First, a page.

Twitter Addiction: Advice From a Cognitive Therapist
One day, after hours of sliding my cursor from Twitter to Facebook to Stats for my blogs and back to Twitter, when I should have been writing, I emailed Dr. M, a cognitive therapist.
Dr. M had previously helped me understand that worry is an addiction; it hits the same pleasure center of the brain that other addictions, such as alcohol, do.
The more I worry, the more it reinforces me to worry; ever the pleasure-seeker, I worry more and perpetuate the cycle. Yet, once I understood the worry addiction, I worried less. While I am inclined toward overindulging in pleasurable activities (In my mother’s words. “Susan, you’re an extremist!”), I am also driven to avoid the consequences, in the quest for maximum, well, pleasure.
It took only one hangover to make me decide never to experience that feeling again. My attraction to pleasure also includes never wanting to be full or overweight or slowed down by the effects of smoking.
So, I feel pretty bad at the end of a day spent, not on writing, but on addictive flitting back and forth between Facebook and Twitter, seeking that serotonin surge I get from seeing that someone commented on my fan page or RT’ed my tweet.
Here’s what The Cognitive advised:
1. Give yourself a daily limit for checking Twitter. You can have a chart next to the computer in order to track the frequency. You can
also print the word, “STOP” in bold red at the bottom of the chart to serve as a reminder to stop.
2. Track what increases this particular checking behavior – like any other habit-related or addictive behavior (e.g., consider over-eating), it is important to understand the precipitants.
What emotions, thoughts, and/or behaviors activate your desire to check the Twitter? For instance:
- Do you begin to feel anxious and then check?
- Do you begin to feel bored and then check?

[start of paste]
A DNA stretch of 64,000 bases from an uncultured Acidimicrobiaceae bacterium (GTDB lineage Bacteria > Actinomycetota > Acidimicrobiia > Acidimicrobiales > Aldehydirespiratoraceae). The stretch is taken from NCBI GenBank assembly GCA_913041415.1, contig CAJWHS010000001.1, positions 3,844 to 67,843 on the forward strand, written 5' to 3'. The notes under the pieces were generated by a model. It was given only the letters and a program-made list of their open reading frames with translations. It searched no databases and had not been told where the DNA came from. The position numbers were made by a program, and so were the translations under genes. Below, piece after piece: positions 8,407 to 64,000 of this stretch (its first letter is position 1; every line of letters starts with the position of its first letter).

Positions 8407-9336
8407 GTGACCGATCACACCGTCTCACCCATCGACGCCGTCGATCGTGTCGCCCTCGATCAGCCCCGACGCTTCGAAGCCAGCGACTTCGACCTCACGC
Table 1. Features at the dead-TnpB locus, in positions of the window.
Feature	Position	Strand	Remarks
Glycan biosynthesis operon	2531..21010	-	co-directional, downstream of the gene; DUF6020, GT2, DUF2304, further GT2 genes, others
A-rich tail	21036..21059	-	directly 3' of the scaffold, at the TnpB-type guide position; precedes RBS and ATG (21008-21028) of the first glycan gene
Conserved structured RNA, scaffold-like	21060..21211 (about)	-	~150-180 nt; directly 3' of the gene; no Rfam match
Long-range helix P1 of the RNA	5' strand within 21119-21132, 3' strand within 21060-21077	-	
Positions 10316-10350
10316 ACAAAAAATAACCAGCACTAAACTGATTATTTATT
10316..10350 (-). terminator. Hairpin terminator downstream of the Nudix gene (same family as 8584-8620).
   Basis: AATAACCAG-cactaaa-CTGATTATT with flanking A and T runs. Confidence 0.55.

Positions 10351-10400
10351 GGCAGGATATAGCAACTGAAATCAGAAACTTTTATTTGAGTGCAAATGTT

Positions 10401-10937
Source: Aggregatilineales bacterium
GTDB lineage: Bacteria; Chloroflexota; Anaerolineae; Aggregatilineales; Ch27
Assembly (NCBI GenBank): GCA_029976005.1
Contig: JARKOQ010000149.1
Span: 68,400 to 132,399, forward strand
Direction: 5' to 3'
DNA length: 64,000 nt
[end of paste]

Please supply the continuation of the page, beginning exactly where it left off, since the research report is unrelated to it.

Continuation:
- Do you begin surfing the net and then find yourself having an increased urge to check?
In summary, find out what the precipitants are and begin to modify these to decrease the likelihood of the stats checking behavior.
3. Give yourself a reward for NOT engaging in the behavior. Remember that checking Twitter may be intrinsically rewarding; therefore, every time you check, you get reinforced on the behavior. Replace the reward of checking with another reward.
Thanks Dr. M. Knowing that–every time I look for a retweet–I’m feeding an addiction, helps me re-think doing it so often.
Conundrum: After I tweet the link to this post about Twitter, I’ll be dying more than usual to see if any of the Twitter mavens RT it.
What reward could possibly replace the pleasure of clicking on that little bluebird icon? Please advise in the comments!
Pondering: Given that the Twitter logo is all lower case (twitter), why do the media capitalize it? And, then, why isn’t tweet capitalized too?
LOTS ABOUT THERAPY, MARRIAGE, RELATIONSHIPS AND MORE IN MY NEW MEMOIR . . .
Confessions of a Worrywart: Husbands, Lovers, Mothers, and Others Check it out on Amazon.com, Kindle, and Smashwords
The perfect book for worrywarts or anyone who enjoys a “neurotic, hilarious, poignant,” deeply personal story.
With wit and grit, Susan Orlins inspires you to embrace your worries, even if you have to wipe them down with Clorox first. (from Amazon review)
Some of my posts on Life Goes Strong (worried about my inability to make choices and narrow down this list):
*A Woman Talks About Sex From Her 20′s To Her 60′s (fascinating and relatable)
*Joyce Maynard Adopted Two Girls From Ethiopia Then Gave Them Up
*He Asked, “Am I Going To Die?” I Had To Tell Him, “Yes You Are.”
*Can Separate Bedrooms Save Or Destroy A Marriage?
*10 Easy, Healthful Breakfast Ideas
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